Sophia Loren is to be feted by the motion picture academy on May 4 with a tribute at the Samuel Goldwyn Theater in Beverly Hills. The evening will include film clips and personal remarks from her friends and colleagues and conclude with an onstage conversation with the Oscar champ.
Loren made Oscar history in 1961 when she became the first performer to prevail for a non-English speaking role by winning Best Actress for “Two Women.” Acting in her native Italian, Loren was riveting as a mother struggling to protect her daughter in war-torn Rome. Originally cast by her mentor Vittorio De Sica as the demure daughter, the then 26-year-old actress fought to play the part of the matriarch.
To win the Oscar, Loren edged out Audrey Hepburn (“Breakfast at Tiffany’s”), Piper Laurie (“The Hustler”), Geraldine Page (“Summer and Smoke”) and Natalie Wood (“Splendor in the Grass”). The actress had decided not to make the trip to Hollywood from Rome and was woken up with news of her victory by a telephone call from one of her favorite leading men, Cary Grant. Greer Garson had accepted the award on her behalf, acknowleding this “wildly beautiful and talented girl.”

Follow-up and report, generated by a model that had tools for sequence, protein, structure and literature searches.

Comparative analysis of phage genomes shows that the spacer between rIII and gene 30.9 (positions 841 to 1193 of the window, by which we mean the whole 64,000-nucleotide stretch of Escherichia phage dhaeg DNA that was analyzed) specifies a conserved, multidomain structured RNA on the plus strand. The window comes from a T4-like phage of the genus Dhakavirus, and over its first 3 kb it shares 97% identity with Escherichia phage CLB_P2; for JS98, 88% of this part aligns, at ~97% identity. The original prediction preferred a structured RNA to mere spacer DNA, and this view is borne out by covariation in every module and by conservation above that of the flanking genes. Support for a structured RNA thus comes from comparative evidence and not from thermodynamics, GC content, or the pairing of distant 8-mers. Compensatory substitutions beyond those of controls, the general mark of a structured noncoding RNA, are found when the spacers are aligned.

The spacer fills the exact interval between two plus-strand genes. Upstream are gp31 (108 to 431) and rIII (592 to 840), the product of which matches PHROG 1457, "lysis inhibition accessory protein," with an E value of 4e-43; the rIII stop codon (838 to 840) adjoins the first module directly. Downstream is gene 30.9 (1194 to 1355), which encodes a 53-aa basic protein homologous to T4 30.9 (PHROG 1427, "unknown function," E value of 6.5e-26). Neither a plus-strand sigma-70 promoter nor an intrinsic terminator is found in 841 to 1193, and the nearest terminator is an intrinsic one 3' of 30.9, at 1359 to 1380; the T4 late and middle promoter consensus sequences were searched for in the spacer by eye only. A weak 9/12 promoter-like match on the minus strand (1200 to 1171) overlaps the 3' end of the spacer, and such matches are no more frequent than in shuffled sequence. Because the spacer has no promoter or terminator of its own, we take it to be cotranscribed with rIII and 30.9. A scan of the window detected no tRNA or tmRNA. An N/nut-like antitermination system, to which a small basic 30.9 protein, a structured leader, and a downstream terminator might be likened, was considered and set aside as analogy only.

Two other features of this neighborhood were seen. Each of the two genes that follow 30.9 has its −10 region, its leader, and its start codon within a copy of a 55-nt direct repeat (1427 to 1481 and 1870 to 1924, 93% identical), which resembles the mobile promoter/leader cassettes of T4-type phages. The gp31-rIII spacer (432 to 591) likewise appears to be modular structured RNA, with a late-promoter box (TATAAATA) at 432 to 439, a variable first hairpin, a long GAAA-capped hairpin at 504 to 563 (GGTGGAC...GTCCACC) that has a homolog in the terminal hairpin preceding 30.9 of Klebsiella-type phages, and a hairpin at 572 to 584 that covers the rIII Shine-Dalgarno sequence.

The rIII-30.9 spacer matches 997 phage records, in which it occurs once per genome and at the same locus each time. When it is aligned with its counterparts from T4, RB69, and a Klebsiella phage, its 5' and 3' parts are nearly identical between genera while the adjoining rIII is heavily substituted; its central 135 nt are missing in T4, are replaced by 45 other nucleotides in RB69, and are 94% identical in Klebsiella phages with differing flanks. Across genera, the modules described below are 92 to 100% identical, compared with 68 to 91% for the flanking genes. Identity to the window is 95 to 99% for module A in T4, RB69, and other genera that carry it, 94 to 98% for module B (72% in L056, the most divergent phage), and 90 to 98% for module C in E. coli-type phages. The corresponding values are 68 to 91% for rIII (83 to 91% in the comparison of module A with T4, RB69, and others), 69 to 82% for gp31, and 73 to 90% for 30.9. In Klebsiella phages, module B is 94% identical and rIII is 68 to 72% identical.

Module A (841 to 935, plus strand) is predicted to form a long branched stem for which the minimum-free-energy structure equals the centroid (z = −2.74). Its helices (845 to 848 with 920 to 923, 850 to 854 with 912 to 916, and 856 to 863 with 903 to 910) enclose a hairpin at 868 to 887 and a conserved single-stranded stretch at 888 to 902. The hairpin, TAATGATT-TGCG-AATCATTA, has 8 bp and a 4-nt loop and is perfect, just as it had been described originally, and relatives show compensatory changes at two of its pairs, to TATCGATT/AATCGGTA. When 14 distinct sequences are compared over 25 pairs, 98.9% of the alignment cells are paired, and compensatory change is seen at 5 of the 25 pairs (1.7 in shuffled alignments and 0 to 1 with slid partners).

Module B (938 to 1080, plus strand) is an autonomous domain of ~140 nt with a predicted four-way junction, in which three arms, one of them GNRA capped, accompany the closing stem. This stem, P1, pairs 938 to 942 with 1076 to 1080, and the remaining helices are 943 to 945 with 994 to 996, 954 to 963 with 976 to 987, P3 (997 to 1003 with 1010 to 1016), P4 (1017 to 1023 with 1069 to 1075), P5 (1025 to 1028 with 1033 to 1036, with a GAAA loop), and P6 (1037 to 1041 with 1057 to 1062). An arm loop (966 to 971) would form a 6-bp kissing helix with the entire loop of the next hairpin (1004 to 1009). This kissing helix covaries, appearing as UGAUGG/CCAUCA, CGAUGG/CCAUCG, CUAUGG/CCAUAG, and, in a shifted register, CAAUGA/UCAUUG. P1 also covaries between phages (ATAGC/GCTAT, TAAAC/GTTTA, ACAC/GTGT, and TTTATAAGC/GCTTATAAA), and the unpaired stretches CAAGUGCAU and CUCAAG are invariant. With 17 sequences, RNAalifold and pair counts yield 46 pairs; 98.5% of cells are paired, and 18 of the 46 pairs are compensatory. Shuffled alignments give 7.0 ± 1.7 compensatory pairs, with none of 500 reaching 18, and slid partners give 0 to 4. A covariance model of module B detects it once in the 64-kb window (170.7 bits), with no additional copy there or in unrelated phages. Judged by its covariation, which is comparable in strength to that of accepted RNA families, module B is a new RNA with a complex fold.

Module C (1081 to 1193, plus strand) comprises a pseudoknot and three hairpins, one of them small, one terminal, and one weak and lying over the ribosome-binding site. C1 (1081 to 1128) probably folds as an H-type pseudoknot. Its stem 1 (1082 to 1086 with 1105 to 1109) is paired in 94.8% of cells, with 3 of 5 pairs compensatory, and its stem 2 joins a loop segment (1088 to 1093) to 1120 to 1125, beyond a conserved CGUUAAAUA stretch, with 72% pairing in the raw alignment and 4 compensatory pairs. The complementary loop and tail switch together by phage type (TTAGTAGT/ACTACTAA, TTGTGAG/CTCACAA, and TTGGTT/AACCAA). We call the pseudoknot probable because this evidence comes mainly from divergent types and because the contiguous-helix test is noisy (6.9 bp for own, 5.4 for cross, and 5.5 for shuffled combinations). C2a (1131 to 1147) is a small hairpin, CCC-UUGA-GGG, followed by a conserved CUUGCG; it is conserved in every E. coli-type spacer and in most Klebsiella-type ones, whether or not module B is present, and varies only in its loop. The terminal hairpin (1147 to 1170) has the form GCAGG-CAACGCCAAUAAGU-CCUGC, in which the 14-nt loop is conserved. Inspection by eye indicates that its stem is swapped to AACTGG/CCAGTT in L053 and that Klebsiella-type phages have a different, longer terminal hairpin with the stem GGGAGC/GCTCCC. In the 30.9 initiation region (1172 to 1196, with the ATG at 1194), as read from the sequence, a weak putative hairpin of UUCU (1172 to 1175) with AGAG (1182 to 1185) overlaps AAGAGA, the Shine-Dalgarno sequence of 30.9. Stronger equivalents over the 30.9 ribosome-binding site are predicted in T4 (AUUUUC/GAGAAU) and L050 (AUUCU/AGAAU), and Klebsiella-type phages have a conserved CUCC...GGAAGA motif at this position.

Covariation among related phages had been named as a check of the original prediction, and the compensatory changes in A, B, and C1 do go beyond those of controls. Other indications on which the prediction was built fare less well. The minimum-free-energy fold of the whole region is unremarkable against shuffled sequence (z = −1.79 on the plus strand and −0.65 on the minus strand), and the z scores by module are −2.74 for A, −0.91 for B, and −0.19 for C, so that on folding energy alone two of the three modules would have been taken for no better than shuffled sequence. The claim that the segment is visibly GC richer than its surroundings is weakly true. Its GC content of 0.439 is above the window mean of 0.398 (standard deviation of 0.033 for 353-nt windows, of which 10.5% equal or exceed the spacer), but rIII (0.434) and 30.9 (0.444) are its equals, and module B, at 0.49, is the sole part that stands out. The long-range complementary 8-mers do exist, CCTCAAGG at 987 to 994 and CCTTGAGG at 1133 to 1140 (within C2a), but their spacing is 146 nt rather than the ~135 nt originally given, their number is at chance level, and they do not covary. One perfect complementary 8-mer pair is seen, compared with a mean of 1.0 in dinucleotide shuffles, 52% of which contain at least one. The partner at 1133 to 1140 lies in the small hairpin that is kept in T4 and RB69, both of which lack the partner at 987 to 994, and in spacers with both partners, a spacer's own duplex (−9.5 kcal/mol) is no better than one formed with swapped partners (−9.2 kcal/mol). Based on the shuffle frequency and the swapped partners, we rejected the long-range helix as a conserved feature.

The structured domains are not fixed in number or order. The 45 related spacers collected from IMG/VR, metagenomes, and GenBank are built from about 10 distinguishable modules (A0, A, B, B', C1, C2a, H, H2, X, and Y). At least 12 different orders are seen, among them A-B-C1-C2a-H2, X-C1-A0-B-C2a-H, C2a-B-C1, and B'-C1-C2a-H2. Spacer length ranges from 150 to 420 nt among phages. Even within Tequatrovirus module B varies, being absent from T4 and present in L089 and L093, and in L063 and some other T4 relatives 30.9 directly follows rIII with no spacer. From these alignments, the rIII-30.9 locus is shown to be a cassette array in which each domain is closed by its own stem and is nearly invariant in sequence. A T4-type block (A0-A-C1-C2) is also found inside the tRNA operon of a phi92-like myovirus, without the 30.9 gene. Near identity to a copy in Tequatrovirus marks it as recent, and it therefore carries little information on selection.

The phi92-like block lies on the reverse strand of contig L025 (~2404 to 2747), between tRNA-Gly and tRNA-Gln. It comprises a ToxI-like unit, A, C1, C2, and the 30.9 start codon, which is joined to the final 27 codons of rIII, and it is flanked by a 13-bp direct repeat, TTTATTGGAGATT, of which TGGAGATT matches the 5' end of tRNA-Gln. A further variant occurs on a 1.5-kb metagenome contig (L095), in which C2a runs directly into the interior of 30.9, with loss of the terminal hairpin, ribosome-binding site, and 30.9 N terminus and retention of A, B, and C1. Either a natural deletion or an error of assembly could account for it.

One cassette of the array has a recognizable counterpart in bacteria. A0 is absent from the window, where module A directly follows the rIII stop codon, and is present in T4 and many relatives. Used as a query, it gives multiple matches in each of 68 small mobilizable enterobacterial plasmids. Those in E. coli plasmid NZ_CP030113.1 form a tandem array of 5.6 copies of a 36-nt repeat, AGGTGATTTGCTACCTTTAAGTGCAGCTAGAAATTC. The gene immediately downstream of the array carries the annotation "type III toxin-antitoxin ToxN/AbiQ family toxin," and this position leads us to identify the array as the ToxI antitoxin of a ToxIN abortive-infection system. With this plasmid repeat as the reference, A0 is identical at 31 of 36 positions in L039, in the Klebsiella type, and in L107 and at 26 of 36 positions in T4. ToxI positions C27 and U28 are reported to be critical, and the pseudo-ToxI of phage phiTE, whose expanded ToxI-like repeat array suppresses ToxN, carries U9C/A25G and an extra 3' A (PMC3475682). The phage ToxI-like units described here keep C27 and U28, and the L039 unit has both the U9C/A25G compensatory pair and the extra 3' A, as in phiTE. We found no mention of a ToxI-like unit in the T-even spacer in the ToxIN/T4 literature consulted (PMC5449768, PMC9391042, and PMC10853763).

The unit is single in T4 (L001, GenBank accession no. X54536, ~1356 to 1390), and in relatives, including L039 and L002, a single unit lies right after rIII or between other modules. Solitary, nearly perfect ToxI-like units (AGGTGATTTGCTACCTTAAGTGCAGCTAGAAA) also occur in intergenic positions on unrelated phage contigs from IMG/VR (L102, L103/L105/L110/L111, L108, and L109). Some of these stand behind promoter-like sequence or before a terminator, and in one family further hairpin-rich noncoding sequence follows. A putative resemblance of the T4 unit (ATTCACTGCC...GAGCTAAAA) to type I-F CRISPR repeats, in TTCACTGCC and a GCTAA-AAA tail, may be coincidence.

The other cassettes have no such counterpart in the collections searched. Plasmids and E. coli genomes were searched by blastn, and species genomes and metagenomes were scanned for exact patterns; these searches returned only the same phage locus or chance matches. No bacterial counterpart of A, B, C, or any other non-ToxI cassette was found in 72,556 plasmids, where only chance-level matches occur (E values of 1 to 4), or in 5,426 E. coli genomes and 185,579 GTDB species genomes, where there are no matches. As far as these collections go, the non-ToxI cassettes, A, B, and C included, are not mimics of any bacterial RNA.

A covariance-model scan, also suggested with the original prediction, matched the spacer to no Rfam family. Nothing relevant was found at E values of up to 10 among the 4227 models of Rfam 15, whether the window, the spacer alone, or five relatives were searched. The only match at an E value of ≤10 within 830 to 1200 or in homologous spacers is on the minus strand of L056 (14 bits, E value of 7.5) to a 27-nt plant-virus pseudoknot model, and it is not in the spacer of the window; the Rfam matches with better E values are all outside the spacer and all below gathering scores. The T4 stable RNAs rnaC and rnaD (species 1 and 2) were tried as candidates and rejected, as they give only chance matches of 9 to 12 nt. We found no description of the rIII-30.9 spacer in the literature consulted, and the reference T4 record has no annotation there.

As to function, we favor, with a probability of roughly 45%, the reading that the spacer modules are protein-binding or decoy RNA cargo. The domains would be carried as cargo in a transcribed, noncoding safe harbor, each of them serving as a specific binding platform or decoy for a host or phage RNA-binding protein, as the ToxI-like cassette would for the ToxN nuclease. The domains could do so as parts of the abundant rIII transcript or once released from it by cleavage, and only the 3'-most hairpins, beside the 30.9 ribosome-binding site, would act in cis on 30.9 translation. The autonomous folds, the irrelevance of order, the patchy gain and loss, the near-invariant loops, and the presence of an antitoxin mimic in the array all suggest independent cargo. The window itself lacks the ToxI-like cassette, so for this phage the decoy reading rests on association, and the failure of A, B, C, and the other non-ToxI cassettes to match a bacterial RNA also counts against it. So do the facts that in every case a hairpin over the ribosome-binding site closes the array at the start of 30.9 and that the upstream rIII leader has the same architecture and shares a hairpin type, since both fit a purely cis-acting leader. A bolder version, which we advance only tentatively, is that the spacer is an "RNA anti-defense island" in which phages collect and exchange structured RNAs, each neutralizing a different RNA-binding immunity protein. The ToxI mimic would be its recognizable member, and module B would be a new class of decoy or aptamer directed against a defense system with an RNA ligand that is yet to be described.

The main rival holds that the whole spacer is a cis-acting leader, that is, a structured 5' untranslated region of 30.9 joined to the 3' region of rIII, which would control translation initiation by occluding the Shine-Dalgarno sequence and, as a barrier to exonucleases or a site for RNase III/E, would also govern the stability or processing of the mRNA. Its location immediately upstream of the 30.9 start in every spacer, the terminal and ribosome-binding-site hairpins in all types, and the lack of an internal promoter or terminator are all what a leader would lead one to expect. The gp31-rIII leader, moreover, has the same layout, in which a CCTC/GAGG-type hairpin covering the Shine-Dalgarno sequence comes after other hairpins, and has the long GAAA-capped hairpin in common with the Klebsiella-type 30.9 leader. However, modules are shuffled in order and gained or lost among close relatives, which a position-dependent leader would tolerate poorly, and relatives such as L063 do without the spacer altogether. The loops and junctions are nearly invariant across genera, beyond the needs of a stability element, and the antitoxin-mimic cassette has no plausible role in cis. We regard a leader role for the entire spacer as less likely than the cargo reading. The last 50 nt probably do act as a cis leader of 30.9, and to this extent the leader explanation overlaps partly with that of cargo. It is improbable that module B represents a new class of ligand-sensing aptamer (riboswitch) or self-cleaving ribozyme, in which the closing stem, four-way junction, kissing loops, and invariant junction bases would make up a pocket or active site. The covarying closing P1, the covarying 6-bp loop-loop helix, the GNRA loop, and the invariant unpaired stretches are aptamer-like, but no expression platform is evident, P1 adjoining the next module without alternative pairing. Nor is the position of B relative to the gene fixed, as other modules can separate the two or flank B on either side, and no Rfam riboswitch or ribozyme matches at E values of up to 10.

Three years later, De Sica directed Loren to another Oscar nomination in “Marriage Italian Style” opposite her most frequent co-star, Marcello Mastroianni. She lost to screen newcomer Julie Andrews (“Mary Poppins”). That same year, another of their pairings, “Yesterday, Today and Tomorrow,” won Best Foreign Language Film. Their collaboration on “A Special Day” (1977) was also nominated in that category.
And in 1990, the Academy presented Loren with an Honorary Award in the form of an Oscar statuette in acknowledgment of her status as “one of the genuine treasures of world cinema who, in a career rich with memorable performances, has added permanent luster to our art form.”